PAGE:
A day later, another FSA group entered Ashrafiyeh from the west and declared that they were liberating Ashrafiyeh, which made people organize protests against them, Muslim said. The FSA soldiers opened fire on the protestors and killed six of them. “In order to protect the people, the YPG fought against the FSA,” Muslim said. “Among the killed FSA soldiers, seven were Kurds and members of the Azadi Party and the Kurdish Unity Party. Also, among the seven prisoners of FSA, two are Kurds; one is a member of the Azadi Party and the other is from the Unity Party.”
Bewar Abdulrahman, a Kurd from Efrin and leader of the Salahaddin Ayubi brigade of the FSA, told Rudaw that they are being especially careful to avoid a civil war, which they see as the agenda of the Syrian regime.
“The statements of Malik Kurdi have no relation to the truth,” Abdulrahman said. “Kurdi has no relation to the FSA. The PKK is solely responsible for the events in Ashrafiyeh as they opened fire the first time. Some individuals inside the PKK are carrying out the agenda of the Syrian regime by engaging with the FSA in order to ease pressure on the embattled Syrian regime.”
The Kurdish officer added that his battalion’s duty is only to chase the Shabiha (militias) of the Syrian regime. “They are pointing accusing fingers at me, but in order to prevent clashes I am mediating between the PKK and FSA,” he said.
One day after the clashes in Ashrafiyeh, armed PYD members removed Syrian revolution flags from the bases of other Kurdish political parties. This caused a strong reaction from the KNC.
After armed members of the PYD removed the Syrian revolution flag from his party base, Hamid Haji Darwesh, leader of the Kurdish Progressive Party, told Gali Kurdistan TV, “A civil war among Kurds is possible after this unwise move by the PYD.” Arabo described the forceful removal of Syria revolution flag from political bases as “a black day in Kurdish history.” “We are Syrian Kurds and that flag is the flag of Syrian independence and was formerly raised for the first time by a member of the Kurdish Baravi family,” he said. “This flag is for all and it is national. How can the leader of the PYD accept sitting under the flag of the Baathist regime, but not accept the flag of Syrian independence being raised on the bases of Kurdish political parties?”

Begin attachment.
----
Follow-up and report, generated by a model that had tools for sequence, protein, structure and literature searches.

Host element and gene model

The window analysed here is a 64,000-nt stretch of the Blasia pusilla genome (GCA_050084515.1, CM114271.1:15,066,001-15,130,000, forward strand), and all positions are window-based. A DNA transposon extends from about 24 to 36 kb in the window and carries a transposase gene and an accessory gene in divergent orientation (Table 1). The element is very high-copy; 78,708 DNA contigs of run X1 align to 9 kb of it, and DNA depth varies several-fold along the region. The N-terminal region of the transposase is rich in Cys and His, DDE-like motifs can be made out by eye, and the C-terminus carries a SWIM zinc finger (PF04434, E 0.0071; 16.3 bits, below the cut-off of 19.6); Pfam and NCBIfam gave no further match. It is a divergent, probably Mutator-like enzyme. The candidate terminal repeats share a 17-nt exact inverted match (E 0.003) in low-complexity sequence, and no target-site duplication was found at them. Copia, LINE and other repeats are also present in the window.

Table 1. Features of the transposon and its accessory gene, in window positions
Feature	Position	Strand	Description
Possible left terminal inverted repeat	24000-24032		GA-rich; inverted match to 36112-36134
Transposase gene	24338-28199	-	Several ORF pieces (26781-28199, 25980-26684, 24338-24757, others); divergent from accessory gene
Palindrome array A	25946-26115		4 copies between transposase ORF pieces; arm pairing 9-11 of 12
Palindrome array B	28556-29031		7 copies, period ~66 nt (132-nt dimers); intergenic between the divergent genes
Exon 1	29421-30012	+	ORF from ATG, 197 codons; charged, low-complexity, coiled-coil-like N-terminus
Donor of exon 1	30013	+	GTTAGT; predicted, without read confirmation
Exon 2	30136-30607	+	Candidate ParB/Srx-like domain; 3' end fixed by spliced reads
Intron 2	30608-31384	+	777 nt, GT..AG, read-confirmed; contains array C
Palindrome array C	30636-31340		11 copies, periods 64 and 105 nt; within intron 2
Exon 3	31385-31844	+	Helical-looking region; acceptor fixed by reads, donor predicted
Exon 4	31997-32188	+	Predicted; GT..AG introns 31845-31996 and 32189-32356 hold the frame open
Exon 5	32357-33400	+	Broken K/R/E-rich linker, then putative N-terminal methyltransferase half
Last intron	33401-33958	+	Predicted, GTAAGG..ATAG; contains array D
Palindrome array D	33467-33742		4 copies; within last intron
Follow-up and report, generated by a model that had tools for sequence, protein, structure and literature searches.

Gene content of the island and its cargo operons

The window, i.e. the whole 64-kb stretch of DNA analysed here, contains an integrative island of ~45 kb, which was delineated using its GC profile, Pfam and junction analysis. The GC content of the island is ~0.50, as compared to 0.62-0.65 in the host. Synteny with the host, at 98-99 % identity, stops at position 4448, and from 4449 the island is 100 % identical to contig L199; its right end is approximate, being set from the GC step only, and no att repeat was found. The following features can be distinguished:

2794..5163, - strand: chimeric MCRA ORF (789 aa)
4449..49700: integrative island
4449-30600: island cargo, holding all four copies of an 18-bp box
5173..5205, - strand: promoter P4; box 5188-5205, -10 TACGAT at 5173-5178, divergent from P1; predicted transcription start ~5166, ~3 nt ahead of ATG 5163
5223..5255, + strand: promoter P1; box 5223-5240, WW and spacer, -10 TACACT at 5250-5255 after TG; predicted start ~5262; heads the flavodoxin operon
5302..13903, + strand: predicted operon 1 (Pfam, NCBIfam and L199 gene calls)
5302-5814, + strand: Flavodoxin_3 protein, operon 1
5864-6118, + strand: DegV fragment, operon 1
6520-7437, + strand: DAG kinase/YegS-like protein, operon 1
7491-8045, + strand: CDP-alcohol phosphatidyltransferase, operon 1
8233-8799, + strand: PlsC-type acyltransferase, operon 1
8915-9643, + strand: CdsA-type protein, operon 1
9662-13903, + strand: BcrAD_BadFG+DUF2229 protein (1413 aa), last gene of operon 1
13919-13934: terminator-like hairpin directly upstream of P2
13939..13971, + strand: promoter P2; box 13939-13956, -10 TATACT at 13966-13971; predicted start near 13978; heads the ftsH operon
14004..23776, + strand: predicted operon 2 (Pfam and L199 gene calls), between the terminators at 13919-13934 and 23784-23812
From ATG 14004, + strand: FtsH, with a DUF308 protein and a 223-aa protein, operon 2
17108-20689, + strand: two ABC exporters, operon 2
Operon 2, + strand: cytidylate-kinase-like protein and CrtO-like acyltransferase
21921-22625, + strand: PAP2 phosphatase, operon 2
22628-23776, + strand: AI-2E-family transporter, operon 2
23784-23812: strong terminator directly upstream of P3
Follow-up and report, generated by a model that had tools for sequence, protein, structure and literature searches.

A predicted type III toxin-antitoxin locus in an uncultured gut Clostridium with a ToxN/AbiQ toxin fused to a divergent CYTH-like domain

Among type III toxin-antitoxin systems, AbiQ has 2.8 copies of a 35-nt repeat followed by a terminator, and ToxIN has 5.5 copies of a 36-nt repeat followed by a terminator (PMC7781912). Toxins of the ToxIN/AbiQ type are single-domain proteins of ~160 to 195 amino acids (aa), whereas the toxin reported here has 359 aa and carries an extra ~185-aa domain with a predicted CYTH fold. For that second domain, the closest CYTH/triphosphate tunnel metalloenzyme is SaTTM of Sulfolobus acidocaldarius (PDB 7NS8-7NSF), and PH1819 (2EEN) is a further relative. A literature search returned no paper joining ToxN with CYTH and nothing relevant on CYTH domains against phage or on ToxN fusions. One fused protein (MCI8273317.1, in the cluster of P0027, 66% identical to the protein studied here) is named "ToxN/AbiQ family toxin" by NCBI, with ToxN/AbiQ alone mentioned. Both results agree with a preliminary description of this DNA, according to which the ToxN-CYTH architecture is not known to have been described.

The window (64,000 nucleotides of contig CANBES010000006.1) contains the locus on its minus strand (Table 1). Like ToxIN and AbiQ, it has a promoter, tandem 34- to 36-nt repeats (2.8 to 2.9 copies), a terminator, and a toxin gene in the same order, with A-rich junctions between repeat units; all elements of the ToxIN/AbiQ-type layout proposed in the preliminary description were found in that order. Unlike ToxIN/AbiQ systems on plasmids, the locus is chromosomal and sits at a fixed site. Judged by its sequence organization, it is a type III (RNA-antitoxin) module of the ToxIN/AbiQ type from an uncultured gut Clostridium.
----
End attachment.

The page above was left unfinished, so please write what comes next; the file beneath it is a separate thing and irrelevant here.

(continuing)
Arabo believes that the flag issue conceals a greater agenda. “This is an attempt to restrict Kurdish parties and enslave them. The PYD wants to repeat in Syria what the PKK did in the Kurdish regions of Turkey by monopolizing everything and sending the signal that Erbil Agreement will not be implemented.”
The leader of PYD said that removing the flags was not planned. “The day the clashes took place in Ashrafiyeh, people got very angry,” Muslim said. “The FSA entered Ashrafiyeh with their independence flag and killed Kurds. In order to prevent an assault on the bases of Kurdish parties by the people, our comrades demanded that these flags be removed for one day.”
“But a follower of Darwesh opened fire and complicated things,” he added. “A security force was returning from Tal al-Gazal and heard the gunshots. They came to the site and opened fire in the air to disperse people. Now the flags have been raised again on the bases and no one is opposing them.”
On Oct. 30, there was a wide protest against the PYD action of removing the Syrian independence flag.
Regarding these demonstrations, Muslim said, “Those who took part in these protests were all the growers of hashish. They are protesting because we do not allow them to grow hashish. This means their financial interests were harmed. The protests were also organized by people who have long been saying, ‘What is the supreme council? We do not accept it!’” “Yezidi Kurds were killed by FSA soldiers and the Ammar Dadikhi battalion, a former Syrian intelligence member, and no other Kurdish parties reacted to this,” Muslim added. “Kurds were also killed in Ashrafiyeh and they did not react to this either. But a small mistake by some of our members in Kobane, which was done with good intentions, has been turned into a huge problem.”